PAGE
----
Inflation and cost of living increases driving three quarters of UK Professionals to consider changing jobs
A week after the Government’s Spring Budget and with energy price hikes from the 1st April piling on the pressure, the latest survey by the UK’s leading independent website, CV- Library, reveals that an incredible 75.1% of UK professionals are now considering a new job purely because of the cost of living and rising inflation costs they’re facing.
The study, which surveyed more that 4,000 workers, also revealed that for 69.1%, salary is now the main driver when considering a new role. Only 14.8% say that flexible or remote working ranks as the most important factor.
The Office for Budget Responsibility predicts that inflation, which has just hit a 30-year high of 6.2%, will peak at around 9% by the final quarter of the year but salary data from CV-Library’s live vacancies confirms that salaries are not keeping track.
Salary average, based on almost a quarter of million jobs posted on CV-Library, exposes the following industries, currently offering wages lower than they were a year ago:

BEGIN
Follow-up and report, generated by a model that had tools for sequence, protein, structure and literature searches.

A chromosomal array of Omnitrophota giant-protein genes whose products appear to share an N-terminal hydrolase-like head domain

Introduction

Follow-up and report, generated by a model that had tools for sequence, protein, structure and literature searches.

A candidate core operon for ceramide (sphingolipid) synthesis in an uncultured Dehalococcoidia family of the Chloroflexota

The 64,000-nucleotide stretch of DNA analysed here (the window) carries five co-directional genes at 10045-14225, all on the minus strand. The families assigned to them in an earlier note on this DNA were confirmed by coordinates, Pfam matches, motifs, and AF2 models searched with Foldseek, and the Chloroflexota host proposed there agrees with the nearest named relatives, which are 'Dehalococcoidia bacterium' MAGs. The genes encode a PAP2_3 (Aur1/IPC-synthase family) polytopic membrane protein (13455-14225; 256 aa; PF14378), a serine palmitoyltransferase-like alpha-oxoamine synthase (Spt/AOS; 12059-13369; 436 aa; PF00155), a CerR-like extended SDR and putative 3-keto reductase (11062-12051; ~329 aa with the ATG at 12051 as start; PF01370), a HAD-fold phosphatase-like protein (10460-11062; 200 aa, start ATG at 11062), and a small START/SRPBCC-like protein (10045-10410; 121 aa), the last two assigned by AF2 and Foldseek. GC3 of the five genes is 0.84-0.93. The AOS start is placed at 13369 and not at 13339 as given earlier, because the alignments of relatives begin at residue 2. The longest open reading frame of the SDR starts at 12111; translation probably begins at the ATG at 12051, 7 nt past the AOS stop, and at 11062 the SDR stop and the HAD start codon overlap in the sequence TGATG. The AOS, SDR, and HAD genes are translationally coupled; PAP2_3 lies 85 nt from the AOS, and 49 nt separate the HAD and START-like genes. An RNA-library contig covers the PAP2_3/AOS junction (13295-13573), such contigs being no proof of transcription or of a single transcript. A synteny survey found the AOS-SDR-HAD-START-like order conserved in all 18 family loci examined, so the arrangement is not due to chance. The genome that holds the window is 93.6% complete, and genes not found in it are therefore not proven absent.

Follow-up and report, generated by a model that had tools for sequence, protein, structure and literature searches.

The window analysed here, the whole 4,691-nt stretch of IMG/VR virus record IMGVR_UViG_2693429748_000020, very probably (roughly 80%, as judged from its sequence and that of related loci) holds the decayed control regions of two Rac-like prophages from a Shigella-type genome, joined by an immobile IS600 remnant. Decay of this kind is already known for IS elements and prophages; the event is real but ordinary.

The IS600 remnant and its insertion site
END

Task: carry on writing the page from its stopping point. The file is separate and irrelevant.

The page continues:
- -5% Retail
- -1.6% Sales
- -1.2% Social Care
- – 1% Medical/Pharmaceutical/Scientific
The following industries have seen year on year average salary increases, but they are below the rate of inflation:
- +2.7% Customer Service
- 3.4% Engineering
- + 4% Charities
- +4.10% Education
- +4.3% Legal
Lee Biggins, CEO and founder of CV-Library comments: “Whilst these statistics are high, it feels sadly inevitable that UK professionals are feeling forced into action given the huge demands on household budgets. The pandemic pushed the desire for flexible and remote working to the fore but, whilst it is still important, we’re seeing this take a back seat as the need for more money takes precedence.”
Biggins continues: “With unfilled vacancies still at record levels, the UK job market would be much healthier with a greater number of available candidates, but businesses will need to balance their own increased costs with the salary needs and expectations of job seekers.”